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3 TECHNICAL ISSUES IN PLANNING FOR MODERNIZATION In the development of its information systems the Defense Logistics Agency (DLA) needs to address technical issues such as the choice of development tools, its data base architectures, and end-user computing. Inherent in the technology issues are the cost-to-performance advantages that microcomputers continue to have over mainframes and the emergence of networks of personal computers (PC), Local Area Networks (LAN), departmental computing, distributed processing and data, and open architectures. These technical issues challenge all organizations that deal with information. - In our midterm report, we highlighted several technology issues that the DLA will have to carefully resolve as its modernization progresses beyond the initial planning phase. These issues involve: distributed versus centralized architectures, standards, security, information- and knowledge-based systems, and logistics research. They are still relevant. During the period of our review, we formed subcommittees to examine the DLA's use of decision support systems, and its plans for a data base architecture, for information technology standards, and for supply optimization (see Chapter 4~. As a consequence, we are highlighting these as the most significant technical issues that confront the DLA at this point in its modernization. DATA BASE ISSUES Data base issues are central to the agency's modernization. After examination of the DLA's operations and the goals of the LSMP, it has become clear that a number of issues surrounding data bases are key to the overall effort. Computer processes have become well established within the DLA's operations, and data bases constitute the foundation upon which these processes rest. The answers to a number of questions -- What level of integration of operations can be achieved across DLA? What partitioning will segment the overall project -. portions? Where and how should the LSMP be started? ~ ~ . ~ ~ ~ ~ ~ ~ ~ Commuter Drocess;es have become well established Into manageable -- are all fundamentally dependent upon the data bases to be employed within the DLA? These considerations have led us to conclude that the LSMP 31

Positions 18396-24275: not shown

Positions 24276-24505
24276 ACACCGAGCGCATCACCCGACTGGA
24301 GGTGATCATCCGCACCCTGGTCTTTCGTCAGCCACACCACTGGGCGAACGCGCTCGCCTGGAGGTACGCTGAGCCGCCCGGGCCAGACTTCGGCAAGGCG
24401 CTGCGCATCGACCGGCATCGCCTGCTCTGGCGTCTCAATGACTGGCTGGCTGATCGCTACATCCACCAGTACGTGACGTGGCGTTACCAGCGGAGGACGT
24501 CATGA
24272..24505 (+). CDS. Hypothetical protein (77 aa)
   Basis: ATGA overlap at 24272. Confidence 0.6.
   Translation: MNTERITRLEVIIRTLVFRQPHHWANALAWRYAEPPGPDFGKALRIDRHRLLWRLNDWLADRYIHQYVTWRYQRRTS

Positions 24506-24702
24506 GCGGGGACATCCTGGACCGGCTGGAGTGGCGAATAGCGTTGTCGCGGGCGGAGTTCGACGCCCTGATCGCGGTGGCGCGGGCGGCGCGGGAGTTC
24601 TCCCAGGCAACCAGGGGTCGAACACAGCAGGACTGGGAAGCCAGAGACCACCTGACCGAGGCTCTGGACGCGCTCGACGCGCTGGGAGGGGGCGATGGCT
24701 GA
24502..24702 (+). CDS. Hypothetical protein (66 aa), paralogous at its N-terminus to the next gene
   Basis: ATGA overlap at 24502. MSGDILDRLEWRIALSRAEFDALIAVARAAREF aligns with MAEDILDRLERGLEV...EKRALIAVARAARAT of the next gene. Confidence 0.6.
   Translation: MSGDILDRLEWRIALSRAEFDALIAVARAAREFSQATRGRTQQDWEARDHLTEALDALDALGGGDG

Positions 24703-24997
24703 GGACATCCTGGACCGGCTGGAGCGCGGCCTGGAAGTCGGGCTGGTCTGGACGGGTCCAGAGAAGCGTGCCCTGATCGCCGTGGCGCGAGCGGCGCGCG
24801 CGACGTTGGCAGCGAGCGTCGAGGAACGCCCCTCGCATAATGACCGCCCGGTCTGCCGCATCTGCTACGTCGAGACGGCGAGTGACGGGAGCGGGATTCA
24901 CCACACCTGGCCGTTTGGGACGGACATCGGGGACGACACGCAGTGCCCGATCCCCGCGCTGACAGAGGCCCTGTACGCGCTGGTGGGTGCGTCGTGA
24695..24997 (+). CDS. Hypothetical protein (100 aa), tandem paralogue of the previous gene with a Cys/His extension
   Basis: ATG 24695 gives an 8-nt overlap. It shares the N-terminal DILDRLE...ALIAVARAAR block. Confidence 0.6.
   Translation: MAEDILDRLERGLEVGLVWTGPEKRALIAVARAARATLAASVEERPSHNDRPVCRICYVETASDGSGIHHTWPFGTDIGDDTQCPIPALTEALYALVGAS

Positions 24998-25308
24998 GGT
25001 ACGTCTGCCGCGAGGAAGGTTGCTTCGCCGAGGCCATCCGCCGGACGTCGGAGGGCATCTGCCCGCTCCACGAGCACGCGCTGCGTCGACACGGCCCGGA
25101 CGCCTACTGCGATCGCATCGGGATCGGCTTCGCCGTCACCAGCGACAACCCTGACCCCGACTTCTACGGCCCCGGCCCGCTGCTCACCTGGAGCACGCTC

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32 must center upon identification of the major data bases that will make up the foundation of the DLA's functions, and the technology that will be used to implement them. Among the issues that have to be addressed are the makeup of data bases; the extent of coverage of data bases; the technology to be employed to implement them; the establishment of data management centers; the implementation of a transition plan; and standardization of such things as data base management systems, data definitions, data dictionaries, and query languages. The makeup and coverage of data bases will determine how the overall business of DLA is to be factored, thereby establishing the levels of integration of operations that can be achieved. The technology and standards to be employed will affect equipment and software acquisition decisions, and vice versa. A sound transition plan and the establishment of data management centers will be crucial to ensuring the feasibility of the LSMP itself. The DLA needs to take the following actions in regard to the LSMP and its data base issues. Identify Major Data Bases The major data bases that will form the cornerstones of the LSMP must be identified. Since each major data base defines a primary area of business, it is not necessary that all data bases be defined before work can begin. Rather, progress can be incremental, elaborating the processes that operate on a particular data base as soon as one is identified, then going on to the next one, and so on. Establish Data Management Center~s) In conjunction with the identification of DLA's major data bases, one or more data management centers must be established or designated from existing assets. These centers should have the responsibility to define and maintain data elements and data dictionaries for the data bases over which they have cognizance. The format for these should be in accordance with agency standards, which are established and maintained concurrently with some central authority, such as the Office of Telecommunications and Information Systems (OTIS). The centers should have the responsibility for updating and generally maintaining the data bases and their supporting technology. They should also distribute portions of the data bases to the sites that use them.